Author’s Note: I knew this scene was what I wanted to do with the lyrics from Do You Believe? I did, but I didn’t know how to get right, and having put it down on paper, it still feels wrong. The end was hard to do, and I don’t know that this would make the final version of the book, but this does at least get my intent across.
My eyes will open to the darkness
And in the darkness will be you
And in the darkness my only light is you
And in the darkness the light is in your eyes
She was trapped. Her nails scraped along the metal, fingers finding no purchase as she tried to free herself. She couldn’t get out, couldn’t make anything move. She couldn’t breathe, the air was so thin and she could practically feel it disappearing. She couldn’t get enough breath in her lungs, and panic had taken hold of her, making her want to scream and cry and pound on the walls.
Someone had to hear her. They had to let her out. She just needed some help. She could get out, she could still make it. She could live. She would get out of here. She just needed a little more time, a little more air… If someone would just hear her…
“Mackenna, wake up.”
She heard Carson’s voice and looked around in confusion. The room was too dark. They’d actually fallen asleep in bed for a change, not on the couch or one of the cars, and it was almost black in here with those curtains. She normally preferred that over shadows—she only slept in full light or full darkness—but not tonight.
He leaned over her, and she couldn’t see much, just his eyes, which should have been creepy, but it was good to know he was there.
“You had the nightmare this time,” he said, reaching over to brush back some of her hair. “I had a hard time waking you. Are you… Do you want to talk about it?”
She sighed. Not particularly, but she did push him to share his—partially because his involved memories he’d needed to unlock—so she should reciprocate once and a while. “It was… dumb. I just… For some reason, I was… it was me in the trunk, like that man we found… and I was alive when I was put in there, and I couldn’t get out. It was dark. I was trapped. I panicked. It… I feel stupid.”
“Um, no, you’re very intelligent, and we don’t know who he was or how he ended up in the trunk of the car. I’m no expert, and I didn’t get a good look, but we technically only suspect it was a man because of the clothes. It could have been a woman. We’ll have to wait for someone else to tell us that part,” Carson said, being frustratingly logical about it. “And it’s only human to be curious. Your mind was working on the problem while you slept, that’s all.”
She nodded. “I know. I just… I hate feeling like that, hate being so helpless… I swore that wouldn’t be me again after those years in that tenement. I fix things. I don’t… I would never want to be trapped anywhere. I like driving in open cars and not hiding, no small enclosed spaces…”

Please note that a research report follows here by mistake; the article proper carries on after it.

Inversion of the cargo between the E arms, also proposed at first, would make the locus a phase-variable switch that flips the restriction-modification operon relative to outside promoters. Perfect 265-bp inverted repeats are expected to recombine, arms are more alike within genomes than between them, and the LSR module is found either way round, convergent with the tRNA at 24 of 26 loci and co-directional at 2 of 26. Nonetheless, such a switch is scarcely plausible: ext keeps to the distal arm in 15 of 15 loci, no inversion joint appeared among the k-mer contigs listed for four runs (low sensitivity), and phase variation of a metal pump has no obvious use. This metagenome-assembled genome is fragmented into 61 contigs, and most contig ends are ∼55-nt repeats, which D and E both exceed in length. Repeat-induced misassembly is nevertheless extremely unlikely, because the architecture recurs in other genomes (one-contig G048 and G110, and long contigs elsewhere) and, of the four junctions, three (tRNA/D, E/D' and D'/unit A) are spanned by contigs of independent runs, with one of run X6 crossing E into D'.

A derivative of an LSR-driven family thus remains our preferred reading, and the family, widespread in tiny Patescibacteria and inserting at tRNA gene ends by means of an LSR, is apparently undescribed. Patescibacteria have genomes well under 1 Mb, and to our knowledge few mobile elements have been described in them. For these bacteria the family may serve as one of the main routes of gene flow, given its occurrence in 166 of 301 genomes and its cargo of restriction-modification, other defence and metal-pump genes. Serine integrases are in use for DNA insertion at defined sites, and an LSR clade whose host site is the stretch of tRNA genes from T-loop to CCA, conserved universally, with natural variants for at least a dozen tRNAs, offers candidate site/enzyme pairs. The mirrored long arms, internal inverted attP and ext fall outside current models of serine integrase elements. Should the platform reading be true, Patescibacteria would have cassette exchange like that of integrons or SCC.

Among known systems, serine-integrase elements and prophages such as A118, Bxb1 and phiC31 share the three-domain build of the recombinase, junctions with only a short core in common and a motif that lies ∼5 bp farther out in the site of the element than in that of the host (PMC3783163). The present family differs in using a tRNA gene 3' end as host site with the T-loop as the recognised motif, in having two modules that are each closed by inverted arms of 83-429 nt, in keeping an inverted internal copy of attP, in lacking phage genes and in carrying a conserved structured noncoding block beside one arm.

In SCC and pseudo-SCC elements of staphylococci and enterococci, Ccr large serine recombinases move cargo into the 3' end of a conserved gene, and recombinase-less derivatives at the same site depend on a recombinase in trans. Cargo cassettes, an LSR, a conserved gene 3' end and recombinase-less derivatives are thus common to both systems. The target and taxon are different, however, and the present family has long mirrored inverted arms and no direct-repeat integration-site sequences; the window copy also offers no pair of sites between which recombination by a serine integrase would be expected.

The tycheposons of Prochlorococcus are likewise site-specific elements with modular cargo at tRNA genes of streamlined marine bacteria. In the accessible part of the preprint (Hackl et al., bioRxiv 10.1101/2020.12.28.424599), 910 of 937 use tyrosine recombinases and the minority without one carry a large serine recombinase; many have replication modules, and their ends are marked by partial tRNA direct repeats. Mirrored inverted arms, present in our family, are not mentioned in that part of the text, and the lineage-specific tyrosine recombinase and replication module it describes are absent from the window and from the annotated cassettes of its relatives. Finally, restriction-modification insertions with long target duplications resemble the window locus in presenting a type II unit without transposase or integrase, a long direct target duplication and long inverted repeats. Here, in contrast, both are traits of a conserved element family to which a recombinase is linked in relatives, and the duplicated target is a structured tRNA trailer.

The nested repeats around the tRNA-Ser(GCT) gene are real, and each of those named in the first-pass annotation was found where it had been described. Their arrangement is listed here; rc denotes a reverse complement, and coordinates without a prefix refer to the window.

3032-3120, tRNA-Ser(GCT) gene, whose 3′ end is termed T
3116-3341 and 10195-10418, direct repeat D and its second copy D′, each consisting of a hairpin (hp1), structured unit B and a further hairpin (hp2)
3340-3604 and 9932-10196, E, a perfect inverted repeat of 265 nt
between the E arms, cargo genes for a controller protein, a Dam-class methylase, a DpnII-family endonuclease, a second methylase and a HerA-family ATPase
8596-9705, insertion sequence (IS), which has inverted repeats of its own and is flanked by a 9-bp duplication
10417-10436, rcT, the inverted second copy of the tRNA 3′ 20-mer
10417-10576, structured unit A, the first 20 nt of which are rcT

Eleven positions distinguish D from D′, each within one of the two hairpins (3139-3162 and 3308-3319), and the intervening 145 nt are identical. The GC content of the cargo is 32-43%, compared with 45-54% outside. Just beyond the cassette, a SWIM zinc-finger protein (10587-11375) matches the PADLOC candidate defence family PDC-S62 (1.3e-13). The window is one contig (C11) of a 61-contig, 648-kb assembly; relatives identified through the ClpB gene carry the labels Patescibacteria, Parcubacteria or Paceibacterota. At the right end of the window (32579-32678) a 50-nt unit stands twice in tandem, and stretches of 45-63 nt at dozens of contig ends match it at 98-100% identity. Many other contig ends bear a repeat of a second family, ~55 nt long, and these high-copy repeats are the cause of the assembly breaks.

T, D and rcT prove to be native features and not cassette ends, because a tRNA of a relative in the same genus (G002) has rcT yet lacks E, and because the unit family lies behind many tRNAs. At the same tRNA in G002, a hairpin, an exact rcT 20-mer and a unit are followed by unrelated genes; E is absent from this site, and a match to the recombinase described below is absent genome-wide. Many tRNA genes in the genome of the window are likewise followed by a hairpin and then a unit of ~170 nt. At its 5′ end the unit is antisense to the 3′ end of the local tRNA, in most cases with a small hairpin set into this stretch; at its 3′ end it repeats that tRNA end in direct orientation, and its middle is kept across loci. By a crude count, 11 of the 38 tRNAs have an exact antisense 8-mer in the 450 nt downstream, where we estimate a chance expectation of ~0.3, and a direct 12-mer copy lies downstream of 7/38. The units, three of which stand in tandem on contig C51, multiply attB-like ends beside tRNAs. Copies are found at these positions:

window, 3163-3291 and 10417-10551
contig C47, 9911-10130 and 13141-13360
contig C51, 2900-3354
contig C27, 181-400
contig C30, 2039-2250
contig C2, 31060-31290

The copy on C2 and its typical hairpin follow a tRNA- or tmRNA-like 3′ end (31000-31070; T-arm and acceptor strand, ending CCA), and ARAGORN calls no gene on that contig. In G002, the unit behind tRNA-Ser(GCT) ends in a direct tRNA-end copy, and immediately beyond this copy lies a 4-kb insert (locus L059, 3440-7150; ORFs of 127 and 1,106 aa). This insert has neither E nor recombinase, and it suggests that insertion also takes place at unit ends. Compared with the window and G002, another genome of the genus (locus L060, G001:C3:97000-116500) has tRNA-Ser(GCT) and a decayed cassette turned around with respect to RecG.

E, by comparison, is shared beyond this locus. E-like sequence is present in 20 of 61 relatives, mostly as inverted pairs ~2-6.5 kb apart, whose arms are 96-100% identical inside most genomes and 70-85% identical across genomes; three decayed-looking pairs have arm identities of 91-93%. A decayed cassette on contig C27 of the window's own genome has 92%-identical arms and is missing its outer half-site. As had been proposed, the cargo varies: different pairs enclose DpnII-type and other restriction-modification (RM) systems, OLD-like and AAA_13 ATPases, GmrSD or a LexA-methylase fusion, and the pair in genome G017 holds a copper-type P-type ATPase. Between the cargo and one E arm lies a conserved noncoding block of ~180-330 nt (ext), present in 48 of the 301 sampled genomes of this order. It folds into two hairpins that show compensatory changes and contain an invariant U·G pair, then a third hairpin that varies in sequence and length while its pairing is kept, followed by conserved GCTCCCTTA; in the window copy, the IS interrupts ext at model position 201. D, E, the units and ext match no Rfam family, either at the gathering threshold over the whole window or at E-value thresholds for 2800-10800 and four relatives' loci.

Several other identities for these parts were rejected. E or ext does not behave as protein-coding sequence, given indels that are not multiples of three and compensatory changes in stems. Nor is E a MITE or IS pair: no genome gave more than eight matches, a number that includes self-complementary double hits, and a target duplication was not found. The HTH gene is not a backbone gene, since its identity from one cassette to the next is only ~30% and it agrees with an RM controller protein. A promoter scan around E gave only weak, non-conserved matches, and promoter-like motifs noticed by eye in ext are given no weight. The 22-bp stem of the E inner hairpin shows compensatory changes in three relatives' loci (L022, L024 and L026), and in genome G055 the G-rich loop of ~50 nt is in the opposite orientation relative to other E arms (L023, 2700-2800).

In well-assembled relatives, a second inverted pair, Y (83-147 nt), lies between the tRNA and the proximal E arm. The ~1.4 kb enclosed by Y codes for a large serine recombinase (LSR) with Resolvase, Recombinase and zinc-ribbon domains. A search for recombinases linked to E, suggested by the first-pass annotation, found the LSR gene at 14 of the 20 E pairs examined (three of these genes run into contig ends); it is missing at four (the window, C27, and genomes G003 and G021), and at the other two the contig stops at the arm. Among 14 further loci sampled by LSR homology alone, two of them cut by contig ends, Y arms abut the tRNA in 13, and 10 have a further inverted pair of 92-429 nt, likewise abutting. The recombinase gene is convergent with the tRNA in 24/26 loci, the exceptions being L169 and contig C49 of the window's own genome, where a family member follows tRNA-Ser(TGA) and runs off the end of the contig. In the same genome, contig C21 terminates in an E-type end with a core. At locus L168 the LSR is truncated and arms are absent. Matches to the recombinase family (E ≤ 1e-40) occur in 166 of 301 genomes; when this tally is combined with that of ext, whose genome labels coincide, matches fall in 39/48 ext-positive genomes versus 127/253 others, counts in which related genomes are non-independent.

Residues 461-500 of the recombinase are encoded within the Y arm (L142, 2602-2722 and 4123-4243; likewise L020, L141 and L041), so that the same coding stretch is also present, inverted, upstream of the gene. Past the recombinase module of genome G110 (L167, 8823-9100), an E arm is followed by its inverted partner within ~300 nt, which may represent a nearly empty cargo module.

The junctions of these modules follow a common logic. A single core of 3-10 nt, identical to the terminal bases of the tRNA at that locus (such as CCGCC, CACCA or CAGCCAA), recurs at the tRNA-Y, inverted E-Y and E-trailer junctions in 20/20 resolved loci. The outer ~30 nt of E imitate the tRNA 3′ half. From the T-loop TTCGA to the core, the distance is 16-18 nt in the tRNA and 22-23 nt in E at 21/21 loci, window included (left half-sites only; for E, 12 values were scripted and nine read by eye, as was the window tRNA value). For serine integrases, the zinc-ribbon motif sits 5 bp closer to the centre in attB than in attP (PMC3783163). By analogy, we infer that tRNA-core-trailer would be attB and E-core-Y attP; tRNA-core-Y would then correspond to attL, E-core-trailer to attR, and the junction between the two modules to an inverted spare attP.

“Small enclosed arms no good, either?”
She laughed. “Yours are just the right size, not that small, even if you’re not the size of Larry. And if you were trying to hint about holding me, just do it already. I thought I married you for a reason.”
“Hmm. I thought it was for my car.”
“And the funny socks.”
“And those,” he said, wrapping his arms around her and pulling her close, spooning her against him. “Though I am glad I can be of some service like this.”
She shook her head. He wasn’t just of some service. He was the only reason she was even in here trying to sleep like a normal person. He was a lot more than socks or the antique car they’d be restoring together. No, she wouldn’t say he was everything, not that cliché, but he helped her and she helped him and it mattered.
“Would you like to do something distracting until you can fall asleep again? We can play the song game for a bit if you think it might help.”
“Hmm. I suppose a couple come to mind at the moment.”
“Let’s see… Candle on the Water?”
“That works,” she said. “Try another.”
“Is there a theme here or should I just do another random stab in the dark? Or is that too terrible a pun at the moment?”
“It’s pretty terrible, but you know there’s a bit of comfort in terrible puns, too,” she said, and he nodded before kissing her temple. She smiled. “You do realize you now have to hum the song until I fall asleep again and that could take hours.”
He laughed. “I don’t mind. You’ve seen me through plenty of nightmares. It’s only fair I do it for you, too. Though… are you sure you want the humming? I mean, I like the idea of humming because I’m too tired to come up with anything better, but I think I’m even tone deaf when I hum, so…”
“I like anything that involves your voice,” she admitted. It was soothing, and she was already used to falling asleep to it after their nights on the phone or in person, and she liked it more and more by the day. “Whatever you say or don’t say or hum or anything at all… it’ll probably work.”
“I like your certainty.”
She shrugged. “I already feel better. This… us… the way we talk… it helped.”
He managed to snuggle them even closer, and she closed her eyes, no longer fearing the darkness.